In addition to the ongoing national Love Food Hate Waste campaign, which the Cambridge Love Food Hate Waste campaign is a part, there are other food waste campaigns you can get involved with:
Feedback is an organisation founded by Tristram Stuart, author and food waste campaigner. On the Feedback website you can read about major campaigns Tristram founded, including:
This what they say about the campaign:
“The Pig Idea is a campaign that aims to encourage the use of food waste to feed pigs. We aim to lift the EU ban on feeding catering waste, or swill, to pigs.
For thousands of years pigs have been mankind’s perfect partner: they consume waste and convert it back into food, i.e. pork. Following the outbreak of Foot and Mouth and its devastating consequences on British farming in 2001, the government introduced a ban on feeding catering waste to pigs. A short-term ban during the crisis may have been justified, but science has shown that cooking leftover food renders it safe for pigs. Currently much of Europe’s livestock feed is soy, grown in South America where rainforest is being cut down at an alarming rate. 97 percent of global soy production is used for animal feed and Europe now imports 40 million tonnes of soymeal a year.
In the UK, thousands of British pig farmers have gone out of business largely owing to the soaring prices of animal feed. Food prices are rising as pigs are fed the very same wheat, soy and maize that we humans want to eat. This campaign aims to lift the ban on feeding catering waste, or swill, to pigs.” (from the Feed Back website)
The Gleaning Network coordinates volunteers, farmers and food redistribution charities in order to salvage the thousands of tonnes of fresh fruit and vegetables that are wasted on farms every year across the UK and Europe, and direct this fresh, nutritious food to people in need. People from Cambridge regularly glean from farms in Cambridgeshire, south Lincolnshire and Norfolk.
In January 2016, Feedback’s Gleaning Network began an important partnership with FoodCycle. From Farm to Fork will train and empower young people (18-24) to tackle food waste and address social isolation. It is one of 31 UK projects within Our Bright Future: a forward-thinking social movement that supports young people to lead progressive change in their communities and local environment.
Gleaning Network UK is fast expanding to become a nationwide project. From their start in 2012 to the end of 2015, the Gleaning Network gleaned 188 tonnes of produce – equal to more than 2 million portions of fruit and veg – with over 1,000 volunteers across 99 gleaning days. They already have hubs in London & Essex, Kent, Sussex, the North West (Lancashire & Merseyside), West England (from Warwickshire to Bristol) and East England (Cambs, South Lincs and Norfolk).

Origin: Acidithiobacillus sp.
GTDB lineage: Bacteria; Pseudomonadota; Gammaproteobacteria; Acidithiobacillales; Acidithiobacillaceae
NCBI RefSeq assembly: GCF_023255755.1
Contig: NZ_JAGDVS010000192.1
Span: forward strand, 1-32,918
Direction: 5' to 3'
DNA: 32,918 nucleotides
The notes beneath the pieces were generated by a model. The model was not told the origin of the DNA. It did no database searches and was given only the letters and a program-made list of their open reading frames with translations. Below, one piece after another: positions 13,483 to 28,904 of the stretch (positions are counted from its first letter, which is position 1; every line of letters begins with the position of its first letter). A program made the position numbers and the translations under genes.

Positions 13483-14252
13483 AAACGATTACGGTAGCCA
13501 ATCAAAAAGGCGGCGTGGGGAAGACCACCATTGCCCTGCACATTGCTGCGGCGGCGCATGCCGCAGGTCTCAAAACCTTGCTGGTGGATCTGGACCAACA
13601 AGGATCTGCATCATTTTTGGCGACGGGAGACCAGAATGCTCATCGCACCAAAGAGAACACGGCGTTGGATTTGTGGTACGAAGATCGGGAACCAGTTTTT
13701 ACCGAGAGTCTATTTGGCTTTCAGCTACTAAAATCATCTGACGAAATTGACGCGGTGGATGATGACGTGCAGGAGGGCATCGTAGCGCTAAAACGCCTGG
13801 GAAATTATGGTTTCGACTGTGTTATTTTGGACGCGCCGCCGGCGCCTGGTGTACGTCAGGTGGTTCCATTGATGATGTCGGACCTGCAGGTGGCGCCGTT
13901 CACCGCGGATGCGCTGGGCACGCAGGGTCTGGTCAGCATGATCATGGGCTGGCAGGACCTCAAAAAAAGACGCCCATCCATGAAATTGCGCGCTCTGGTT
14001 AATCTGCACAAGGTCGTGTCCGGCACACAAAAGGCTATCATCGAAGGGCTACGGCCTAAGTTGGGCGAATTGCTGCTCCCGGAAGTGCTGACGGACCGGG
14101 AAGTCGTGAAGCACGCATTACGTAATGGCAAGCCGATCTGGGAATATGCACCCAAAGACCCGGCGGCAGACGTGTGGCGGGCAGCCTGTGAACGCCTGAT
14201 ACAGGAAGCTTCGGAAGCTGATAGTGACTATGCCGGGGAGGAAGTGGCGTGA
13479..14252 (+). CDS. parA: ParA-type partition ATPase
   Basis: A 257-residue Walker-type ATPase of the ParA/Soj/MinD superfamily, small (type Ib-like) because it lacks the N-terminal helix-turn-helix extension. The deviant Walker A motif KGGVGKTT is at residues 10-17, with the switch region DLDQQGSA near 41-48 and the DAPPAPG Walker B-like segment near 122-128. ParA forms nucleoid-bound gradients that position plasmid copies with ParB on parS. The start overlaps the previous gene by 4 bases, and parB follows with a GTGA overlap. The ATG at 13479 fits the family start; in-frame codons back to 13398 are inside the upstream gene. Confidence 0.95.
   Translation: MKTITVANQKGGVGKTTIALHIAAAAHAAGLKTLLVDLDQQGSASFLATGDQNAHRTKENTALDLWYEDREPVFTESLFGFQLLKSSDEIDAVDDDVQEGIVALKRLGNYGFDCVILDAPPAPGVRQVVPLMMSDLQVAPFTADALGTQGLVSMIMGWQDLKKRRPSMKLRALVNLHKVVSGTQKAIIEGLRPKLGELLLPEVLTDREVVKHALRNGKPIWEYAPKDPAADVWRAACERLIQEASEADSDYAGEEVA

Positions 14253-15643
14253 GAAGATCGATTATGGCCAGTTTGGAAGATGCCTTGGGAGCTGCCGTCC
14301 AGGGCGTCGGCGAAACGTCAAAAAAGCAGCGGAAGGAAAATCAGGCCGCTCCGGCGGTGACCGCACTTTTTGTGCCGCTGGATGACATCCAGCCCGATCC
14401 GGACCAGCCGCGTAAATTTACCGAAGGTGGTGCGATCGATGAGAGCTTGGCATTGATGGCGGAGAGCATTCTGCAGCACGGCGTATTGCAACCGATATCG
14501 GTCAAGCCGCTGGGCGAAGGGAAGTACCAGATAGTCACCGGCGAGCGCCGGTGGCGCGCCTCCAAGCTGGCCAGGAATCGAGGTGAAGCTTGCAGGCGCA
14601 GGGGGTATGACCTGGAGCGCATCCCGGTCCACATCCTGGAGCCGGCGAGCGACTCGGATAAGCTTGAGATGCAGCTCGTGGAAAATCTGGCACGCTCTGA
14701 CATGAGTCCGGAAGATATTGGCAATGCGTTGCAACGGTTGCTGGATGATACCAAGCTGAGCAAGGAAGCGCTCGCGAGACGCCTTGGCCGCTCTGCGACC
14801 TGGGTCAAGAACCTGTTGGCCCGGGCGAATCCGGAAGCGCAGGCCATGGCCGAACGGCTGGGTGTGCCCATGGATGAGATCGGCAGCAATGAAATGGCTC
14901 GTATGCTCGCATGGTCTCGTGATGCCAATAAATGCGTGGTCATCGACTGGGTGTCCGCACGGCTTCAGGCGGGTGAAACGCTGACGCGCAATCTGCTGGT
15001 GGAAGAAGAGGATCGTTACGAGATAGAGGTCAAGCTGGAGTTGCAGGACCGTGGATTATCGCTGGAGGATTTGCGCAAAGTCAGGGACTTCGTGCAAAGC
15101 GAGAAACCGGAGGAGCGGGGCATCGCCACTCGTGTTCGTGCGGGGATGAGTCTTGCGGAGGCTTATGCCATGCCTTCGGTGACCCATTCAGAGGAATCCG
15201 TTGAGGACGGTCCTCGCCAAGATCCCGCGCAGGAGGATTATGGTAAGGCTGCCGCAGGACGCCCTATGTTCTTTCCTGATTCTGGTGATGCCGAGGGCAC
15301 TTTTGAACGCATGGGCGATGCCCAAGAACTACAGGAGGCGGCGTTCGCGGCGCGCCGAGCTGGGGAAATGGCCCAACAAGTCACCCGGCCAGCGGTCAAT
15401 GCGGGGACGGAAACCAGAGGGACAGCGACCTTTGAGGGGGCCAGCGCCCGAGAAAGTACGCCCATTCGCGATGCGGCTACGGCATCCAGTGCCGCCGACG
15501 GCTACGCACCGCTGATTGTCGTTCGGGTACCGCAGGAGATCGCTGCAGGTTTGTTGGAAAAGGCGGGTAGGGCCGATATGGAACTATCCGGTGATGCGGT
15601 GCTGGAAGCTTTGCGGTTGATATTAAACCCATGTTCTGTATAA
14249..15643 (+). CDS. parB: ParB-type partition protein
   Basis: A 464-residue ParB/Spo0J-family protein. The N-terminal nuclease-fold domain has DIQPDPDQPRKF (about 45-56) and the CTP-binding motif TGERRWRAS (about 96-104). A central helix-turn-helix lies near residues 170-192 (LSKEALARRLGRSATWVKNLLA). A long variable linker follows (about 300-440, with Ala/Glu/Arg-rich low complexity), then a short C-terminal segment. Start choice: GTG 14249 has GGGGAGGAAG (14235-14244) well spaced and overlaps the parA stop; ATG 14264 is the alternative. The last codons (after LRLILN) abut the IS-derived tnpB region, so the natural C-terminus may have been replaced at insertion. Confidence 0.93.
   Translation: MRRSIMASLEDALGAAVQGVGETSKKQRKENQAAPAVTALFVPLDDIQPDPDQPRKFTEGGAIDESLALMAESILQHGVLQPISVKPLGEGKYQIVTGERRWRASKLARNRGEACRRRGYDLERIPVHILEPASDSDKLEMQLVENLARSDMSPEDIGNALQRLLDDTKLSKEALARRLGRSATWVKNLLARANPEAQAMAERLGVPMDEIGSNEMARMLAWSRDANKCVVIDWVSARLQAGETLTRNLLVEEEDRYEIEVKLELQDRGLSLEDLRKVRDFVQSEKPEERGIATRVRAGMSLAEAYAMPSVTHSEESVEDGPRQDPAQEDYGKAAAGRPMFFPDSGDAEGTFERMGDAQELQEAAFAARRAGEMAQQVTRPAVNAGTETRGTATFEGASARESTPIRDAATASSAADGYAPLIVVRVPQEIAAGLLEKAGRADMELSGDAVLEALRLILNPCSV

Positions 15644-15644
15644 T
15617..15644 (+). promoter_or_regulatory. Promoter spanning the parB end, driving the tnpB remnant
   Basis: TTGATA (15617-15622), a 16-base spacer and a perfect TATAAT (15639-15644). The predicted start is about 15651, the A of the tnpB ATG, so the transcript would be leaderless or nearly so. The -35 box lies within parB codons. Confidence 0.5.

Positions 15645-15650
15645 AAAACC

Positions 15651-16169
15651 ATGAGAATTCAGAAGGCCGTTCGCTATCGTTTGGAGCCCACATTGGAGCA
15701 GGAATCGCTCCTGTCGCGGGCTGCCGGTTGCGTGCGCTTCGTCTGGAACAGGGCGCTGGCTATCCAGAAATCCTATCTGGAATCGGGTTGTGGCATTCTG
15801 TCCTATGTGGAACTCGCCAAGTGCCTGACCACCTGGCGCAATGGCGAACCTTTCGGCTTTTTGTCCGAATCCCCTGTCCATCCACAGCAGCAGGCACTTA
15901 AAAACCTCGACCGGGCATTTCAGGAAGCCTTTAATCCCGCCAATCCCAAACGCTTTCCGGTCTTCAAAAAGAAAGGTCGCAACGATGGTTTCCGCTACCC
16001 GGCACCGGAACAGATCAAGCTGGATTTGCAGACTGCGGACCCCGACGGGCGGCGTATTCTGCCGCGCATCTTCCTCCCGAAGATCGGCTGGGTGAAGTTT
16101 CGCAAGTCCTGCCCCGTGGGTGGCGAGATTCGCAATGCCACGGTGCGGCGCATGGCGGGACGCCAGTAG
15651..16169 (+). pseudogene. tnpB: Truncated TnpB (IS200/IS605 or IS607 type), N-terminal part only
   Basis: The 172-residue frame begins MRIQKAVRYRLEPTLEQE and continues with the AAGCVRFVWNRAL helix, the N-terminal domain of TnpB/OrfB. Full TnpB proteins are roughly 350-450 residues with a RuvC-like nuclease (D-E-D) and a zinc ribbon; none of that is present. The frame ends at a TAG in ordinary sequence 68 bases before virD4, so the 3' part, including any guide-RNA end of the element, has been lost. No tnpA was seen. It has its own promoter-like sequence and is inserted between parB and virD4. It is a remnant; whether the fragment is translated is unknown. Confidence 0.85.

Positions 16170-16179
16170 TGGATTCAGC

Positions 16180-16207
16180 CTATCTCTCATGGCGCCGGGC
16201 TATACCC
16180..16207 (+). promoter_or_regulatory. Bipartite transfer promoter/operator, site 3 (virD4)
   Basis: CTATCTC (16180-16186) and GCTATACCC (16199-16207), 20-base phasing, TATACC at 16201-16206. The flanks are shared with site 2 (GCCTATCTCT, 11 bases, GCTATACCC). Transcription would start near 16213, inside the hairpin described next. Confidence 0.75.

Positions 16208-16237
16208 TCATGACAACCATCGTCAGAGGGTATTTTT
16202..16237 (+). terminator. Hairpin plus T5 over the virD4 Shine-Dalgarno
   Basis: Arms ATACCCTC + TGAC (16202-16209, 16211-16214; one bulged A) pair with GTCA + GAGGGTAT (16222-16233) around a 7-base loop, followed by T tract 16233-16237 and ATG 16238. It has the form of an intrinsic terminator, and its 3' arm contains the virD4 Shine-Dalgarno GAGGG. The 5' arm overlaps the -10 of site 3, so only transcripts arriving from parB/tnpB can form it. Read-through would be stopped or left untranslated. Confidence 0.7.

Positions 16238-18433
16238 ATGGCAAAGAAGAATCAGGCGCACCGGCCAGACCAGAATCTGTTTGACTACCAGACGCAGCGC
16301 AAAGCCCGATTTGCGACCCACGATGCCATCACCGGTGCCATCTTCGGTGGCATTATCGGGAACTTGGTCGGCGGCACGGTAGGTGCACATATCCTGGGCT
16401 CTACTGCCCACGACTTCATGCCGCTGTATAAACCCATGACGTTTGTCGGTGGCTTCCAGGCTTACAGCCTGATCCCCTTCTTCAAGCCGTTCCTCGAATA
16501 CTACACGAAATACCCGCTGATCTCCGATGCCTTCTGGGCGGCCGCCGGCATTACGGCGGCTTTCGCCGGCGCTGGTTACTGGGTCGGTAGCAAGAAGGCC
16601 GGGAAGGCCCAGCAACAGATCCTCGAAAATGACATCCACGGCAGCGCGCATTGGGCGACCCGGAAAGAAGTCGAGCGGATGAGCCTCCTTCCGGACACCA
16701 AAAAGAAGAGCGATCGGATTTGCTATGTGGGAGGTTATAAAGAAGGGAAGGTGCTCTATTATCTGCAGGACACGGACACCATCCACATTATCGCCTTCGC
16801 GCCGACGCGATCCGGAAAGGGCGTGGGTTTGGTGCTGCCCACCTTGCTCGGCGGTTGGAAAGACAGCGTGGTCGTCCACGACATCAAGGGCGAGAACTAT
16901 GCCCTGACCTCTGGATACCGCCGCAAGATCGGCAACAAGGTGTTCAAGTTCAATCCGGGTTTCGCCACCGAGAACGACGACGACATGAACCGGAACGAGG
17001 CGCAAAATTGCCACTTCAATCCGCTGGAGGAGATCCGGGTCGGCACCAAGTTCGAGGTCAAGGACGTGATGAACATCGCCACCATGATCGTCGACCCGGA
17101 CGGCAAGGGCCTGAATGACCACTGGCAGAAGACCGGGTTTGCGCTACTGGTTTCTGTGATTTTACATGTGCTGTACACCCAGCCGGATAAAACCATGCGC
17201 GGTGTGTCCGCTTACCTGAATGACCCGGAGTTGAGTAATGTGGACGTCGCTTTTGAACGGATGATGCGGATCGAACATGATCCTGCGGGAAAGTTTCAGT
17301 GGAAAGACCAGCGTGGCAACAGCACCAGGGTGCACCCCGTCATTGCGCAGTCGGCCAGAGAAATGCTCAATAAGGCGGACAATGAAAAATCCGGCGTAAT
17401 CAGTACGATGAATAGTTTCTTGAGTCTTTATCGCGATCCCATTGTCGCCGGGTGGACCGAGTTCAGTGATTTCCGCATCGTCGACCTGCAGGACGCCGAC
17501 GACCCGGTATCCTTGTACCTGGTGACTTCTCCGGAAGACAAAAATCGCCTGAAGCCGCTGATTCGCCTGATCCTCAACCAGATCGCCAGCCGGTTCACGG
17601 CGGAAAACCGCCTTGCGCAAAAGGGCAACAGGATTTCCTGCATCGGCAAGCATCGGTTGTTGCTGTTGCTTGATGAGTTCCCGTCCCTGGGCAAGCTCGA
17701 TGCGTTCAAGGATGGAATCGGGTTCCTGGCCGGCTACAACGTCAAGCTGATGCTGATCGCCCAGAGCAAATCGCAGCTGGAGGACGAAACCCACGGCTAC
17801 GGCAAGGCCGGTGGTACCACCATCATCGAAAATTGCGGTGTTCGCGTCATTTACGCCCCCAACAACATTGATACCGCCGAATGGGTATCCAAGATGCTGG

Over the next few years they will be bringing gleaning to further corners of the UK, to work with more farmers, volunteers, communities and charities — and ramping up their campaign to end food waste on farms!
Sign up to their gleaning list here.
The Stop Dumping campaign strives to reduce the food waste that occurs on farms. Feedback has met with farmers in the UK, Kenya, Peru and Guatemala, who have all been forced to waste food on their forms for two major reasons. First, supermarkets dictate strict product specifications to farmers meaning that they’ll only buy fruits and vegetables that fit demanding size, shape and colour specifications – regardless of the nutrition, taste and value of the food. Second, last minute order cancellations by supermarkets and the businesses they are supplied by leave many farmers without any compensation and no market to sell their food to. Feedback is continuing to investigate this scandal, to hopefully improve both farmer livelihoods and the environment.
Similar to the Stop Dumping initiative, this international campaign (which is very active on twitter) campaigns to get shops to sell misshapen fruit and veg (usually more cheaply) and has had quite a lot of success. To keep up with the campaign, follow them on twitter:@UglyFruitAndVeg or Facebook. This is something we can encourage supermarkets and shops to do.
Back to Love Food Hate Waste main page.